SALT LAKE CITY — In 2010, 70 Utahns between the ages of 15 and 24 years old committed suicide. And each subsequent year families have continued to mourn with school and church communities as young people take their own lives.
Karen Peterson, who operates the blog Utah Moms Care, said several affected schools held special community events on the subject of suicide following the tragedies.
She said a fellow parent who attended one such event expressed concern to her privately that the discussion was taking place after the tragedy of a child's death and not before when it could have potentially been prevented.
"The sad reality is that until we are touched personally by one of these events, we put seminars like these off. It is human nature," Peterson said. "Parents are busy, and without a compelling interest, they often do not attend such seminars."
Whether parents choose to attend or not, one lawmaker wants to make sure that potentially lifesaving resources and information are available. Rep. Steven Eliason, R-Sandy, has introduced a bill that would require all school districts in the state to hold annual seminars for parents on topics such as bullying, substance abuse, Internet safety and suicide prevention.
HB298 has passed in the House and Thursday was advanced unanimously by the Senate Education Committee. It has so far secured strong majorities on the hill, with several lawmakers and education officials expressing their support for the bill and concern about curbing Utah's alarmingly high rate of teen suicide.
Dawn Davies, vice president for legislation with the Utah Parent Teacher Association, said the group supports HB298 and added that organizations like the PTA and other social advocacy groups are more than willing to provide resources and assist with the presentation of parent seminars.
Davies said the PTA regularly holds seminars similar to the ones described in Eliason's bill and has seen attendance anywhere from two or three people to 200 or 300.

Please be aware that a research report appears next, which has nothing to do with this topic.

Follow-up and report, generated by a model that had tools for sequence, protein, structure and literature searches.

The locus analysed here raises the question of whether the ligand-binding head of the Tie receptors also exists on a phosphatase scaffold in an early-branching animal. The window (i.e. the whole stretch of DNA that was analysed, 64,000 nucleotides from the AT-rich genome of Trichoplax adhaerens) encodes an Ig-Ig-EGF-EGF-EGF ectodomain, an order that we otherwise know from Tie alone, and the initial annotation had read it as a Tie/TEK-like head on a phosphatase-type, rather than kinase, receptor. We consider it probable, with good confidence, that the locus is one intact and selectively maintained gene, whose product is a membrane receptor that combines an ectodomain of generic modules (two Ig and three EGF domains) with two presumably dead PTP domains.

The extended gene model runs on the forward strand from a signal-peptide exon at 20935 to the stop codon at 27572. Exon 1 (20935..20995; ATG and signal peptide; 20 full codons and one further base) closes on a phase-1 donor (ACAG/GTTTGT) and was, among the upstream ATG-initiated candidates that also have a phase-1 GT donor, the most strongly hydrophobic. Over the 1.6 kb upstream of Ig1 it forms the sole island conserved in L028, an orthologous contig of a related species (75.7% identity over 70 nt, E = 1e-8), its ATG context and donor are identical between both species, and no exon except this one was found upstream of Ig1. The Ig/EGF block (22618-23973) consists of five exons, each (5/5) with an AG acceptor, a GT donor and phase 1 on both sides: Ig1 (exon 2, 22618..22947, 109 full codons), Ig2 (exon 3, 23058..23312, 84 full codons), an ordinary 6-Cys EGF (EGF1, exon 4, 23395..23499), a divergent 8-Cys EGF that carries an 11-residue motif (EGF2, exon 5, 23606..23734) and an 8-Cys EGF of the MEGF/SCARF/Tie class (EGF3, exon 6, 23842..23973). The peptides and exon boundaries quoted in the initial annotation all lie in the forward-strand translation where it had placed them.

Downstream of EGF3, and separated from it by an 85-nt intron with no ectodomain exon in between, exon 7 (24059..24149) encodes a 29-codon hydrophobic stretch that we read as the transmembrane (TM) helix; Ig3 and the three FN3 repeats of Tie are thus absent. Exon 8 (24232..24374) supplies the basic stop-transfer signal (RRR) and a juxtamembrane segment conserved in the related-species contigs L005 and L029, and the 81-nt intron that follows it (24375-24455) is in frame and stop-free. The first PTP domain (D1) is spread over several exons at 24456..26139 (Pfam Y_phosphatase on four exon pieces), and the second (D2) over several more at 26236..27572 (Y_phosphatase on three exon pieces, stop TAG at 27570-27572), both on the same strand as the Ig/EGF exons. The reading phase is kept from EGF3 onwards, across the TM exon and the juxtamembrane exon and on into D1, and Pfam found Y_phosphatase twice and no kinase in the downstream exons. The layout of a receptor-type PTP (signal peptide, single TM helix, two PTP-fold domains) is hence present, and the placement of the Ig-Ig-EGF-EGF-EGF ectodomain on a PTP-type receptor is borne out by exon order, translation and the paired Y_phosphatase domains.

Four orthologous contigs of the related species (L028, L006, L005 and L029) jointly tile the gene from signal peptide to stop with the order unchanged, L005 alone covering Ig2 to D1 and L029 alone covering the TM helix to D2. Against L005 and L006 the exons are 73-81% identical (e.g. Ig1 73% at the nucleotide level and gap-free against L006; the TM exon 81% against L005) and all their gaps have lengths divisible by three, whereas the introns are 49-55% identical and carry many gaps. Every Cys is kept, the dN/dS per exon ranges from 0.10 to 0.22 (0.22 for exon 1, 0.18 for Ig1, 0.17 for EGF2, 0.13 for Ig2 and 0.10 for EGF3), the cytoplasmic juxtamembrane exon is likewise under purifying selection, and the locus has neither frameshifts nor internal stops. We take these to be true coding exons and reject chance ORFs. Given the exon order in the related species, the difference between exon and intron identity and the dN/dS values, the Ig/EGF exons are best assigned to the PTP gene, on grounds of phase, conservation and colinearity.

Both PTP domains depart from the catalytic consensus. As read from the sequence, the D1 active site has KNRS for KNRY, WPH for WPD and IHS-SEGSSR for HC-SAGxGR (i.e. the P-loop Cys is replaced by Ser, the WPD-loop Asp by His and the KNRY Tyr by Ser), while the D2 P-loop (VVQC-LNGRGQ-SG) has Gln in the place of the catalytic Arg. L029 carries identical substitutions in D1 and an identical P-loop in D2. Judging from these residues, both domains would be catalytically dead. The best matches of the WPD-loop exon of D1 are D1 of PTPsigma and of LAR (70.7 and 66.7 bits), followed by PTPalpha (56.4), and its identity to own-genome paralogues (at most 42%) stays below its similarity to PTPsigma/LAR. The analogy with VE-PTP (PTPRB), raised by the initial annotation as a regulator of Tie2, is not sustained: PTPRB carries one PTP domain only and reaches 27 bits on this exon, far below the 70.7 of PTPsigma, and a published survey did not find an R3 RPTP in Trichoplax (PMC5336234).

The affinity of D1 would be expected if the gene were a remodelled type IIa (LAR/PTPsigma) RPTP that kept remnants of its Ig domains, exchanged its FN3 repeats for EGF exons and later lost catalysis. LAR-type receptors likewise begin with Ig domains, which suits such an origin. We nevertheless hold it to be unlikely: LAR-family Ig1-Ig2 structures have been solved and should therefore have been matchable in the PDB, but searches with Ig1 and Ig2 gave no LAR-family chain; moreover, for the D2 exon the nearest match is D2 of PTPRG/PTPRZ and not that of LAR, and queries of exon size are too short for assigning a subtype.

"It has been mixed," she said of public turnout. "That would be based on whether the problem is a current, seen problem."
Davies said the key to getting parents involved is to focus on issues that are relevant and critical to a particular community. She said parents rightly have questions and concerns about suicide as the incidents have become more public and more frequent in recent years. An opportunity to receive information on suicide warning signs and prevention likely would be welcomed by many parents, Davies said.
The bill calls for seminars on substance abuse, Internet safety, bullying and suicide prevention, which Davies said are all relevant topics for families today.
"The focus on that will draw more people to that conference because it is becoming an issue in so many neighborhoods," she said.
But what is relevant today may not be relevant tomorrow, Davies said, and the issues facing large, urban school districts may be different from those in smaller, rural communities. Because of that, she praised the amendment introduced by Eliason that would provide flexibility to school districts in deciding how to best meet the needs of their patrons.
"It’s going to be evolving, and what is critical here in Salt Lake or Jordan School District may be different than a small rural community where another issue may be larger," Davies said.
During his presentation of the bill in the House, Eliason compared the seminars to the parable of the starfish, in which a man is mocked for his minuscule efforts to save starfish that have been washed ashore. If the seminars save one life or help one student, he said, then the program will have been worth the effort.
"At the end of the day, I know it can make a difference," Eliason told the Senate Education Committee prior to its vote Thursday.
Davies agreed with that sentiment. At very least, the seminars will help raise awareness on the critical issues facing students, she said, and those parents who do participate will be better prepared to help their children or other families in their communities.
"When you're in the middle of a crisis, you need any help you can get," Davies said. "It will make a difference for those who come, whether the problem is in their home or they can help a neighbor."
Peterson agreed that the bill would contribute to more conversation on the issues facing children. Even if parents do not attend the seminars, the fact that their child's school is hosting a discussion on Internet safety, bullying or suicide could lead to a conversation being generated between parent and student, she said.
The bill allows districts to opt out of the seminars, though that would require local education officials to examine what policies they have in place and what is being done to provide assistance to students and families.